As each new behemoth fails, the likelihood of yet another government bailout decreases. After all, how many more institutions can the US taxpayer afford to bail out? With retail and institutional money on the sidelines, the other actor has been the sovereign wealth funds. But can sovereign wealth funds be expected to lend a helping hand?

Not likely. For starters, many of these guys were told six months ago that the worst was over and that the market would rebound , or something like that. Once burnt, twice shy.

So for a recovery to occur, the banks will need to find a way to recapitalize on their own. But given their sorry shape, that may be a little way away. That means a recovery in the stock market is going to take some time.

So far, the commodity stocks have been taking it on the chin. In part, this is because many leveraged investors got caught flat-footed when the Fed orchestrated a weekend bailout of Bear Stearns, as well as Fannie and Freddie. After each of these interventions, banking stocks rallied and commodities plunged — at least temporarily. For many hedge funds and other players, a winning trade had been to go long (buy) the commodities and sell (sell short) the financials. The weekend interventions ended all that. Faced with massive losses, many of these players have been unwinding their positions as fast as they can, sending commodities lower and financials higher.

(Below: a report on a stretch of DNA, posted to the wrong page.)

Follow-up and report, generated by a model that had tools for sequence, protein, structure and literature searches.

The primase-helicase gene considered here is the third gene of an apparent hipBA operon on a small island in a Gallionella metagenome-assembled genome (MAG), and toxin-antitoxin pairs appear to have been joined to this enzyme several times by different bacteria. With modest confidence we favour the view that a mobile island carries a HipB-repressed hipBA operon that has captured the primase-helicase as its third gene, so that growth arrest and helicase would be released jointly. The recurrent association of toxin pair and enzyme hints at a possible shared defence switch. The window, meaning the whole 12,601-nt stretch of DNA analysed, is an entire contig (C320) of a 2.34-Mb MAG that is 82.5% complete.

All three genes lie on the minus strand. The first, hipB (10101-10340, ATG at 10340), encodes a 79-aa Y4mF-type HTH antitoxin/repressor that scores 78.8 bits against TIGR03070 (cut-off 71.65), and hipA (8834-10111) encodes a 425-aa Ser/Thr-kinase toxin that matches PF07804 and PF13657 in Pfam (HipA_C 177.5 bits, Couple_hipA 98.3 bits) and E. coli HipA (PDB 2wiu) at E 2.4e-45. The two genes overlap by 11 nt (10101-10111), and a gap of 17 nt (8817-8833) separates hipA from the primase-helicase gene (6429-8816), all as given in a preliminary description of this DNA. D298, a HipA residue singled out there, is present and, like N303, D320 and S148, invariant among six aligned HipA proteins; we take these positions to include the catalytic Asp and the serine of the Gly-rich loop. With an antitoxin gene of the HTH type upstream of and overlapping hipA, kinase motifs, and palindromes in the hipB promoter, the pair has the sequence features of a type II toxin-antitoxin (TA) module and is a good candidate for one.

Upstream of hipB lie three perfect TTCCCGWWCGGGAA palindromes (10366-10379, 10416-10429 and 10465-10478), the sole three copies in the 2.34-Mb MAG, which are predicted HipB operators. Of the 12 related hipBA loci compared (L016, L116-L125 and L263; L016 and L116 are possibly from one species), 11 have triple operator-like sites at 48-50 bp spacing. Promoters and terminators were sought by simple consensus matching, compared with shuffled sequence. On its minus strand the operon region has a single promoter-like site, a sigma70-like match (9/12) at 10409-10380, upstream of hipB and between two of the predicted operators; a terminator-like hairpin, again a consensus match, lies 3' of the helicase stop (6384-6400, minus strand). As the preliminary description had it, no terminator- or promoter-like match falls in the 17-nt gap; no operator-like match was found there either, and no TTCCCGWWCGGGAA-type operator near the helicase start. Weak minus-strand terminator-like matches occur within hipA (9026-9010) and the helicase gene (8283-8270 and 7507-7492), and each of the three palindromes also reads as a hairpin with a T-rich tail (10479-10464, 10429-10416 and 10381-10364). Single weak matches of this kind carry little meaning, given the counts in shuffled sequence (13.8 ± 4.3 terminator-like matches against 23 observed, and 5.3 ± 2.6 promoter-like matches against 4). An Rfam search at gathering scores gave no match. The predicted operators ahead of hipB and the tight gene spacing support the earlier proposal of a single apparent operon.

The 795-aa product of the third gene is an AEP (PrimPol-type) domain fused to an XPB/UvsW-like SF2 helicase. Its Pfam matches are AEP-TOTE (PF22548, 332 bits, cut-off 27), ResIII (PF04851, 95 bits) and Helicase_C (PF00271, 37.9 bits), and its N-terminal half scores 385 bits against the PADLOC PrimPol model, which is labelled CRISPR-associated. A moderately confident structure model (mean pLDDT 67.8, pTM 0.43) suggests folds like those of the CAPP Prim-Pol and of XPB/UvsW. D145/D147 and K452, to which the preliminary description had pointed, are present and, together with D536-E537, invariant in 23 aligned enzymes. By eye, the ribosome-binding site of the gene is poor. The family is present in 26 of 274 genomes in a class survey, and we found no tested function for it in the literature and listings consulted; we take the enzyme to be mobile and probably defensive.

But it is also darkest before the dawn. While it will take some time for a full recovery to occur in both the commodity stocks as well as the financials, a recovery will occur. The commodity stocks differ in one important way from the financials — they are extremely healthy. Their balance sheets are in great shape and their business models are extremely solid.

While it will likely take a pick-up in the global economy to see the valuation of the banks and the commodity producers improve, the valuations of the commodity producers look extremely attractive at these levels. Oil stocks are discounting $65 oil, while copper producers are discounting $2 copper. For savvy investors, this is manna from heaven.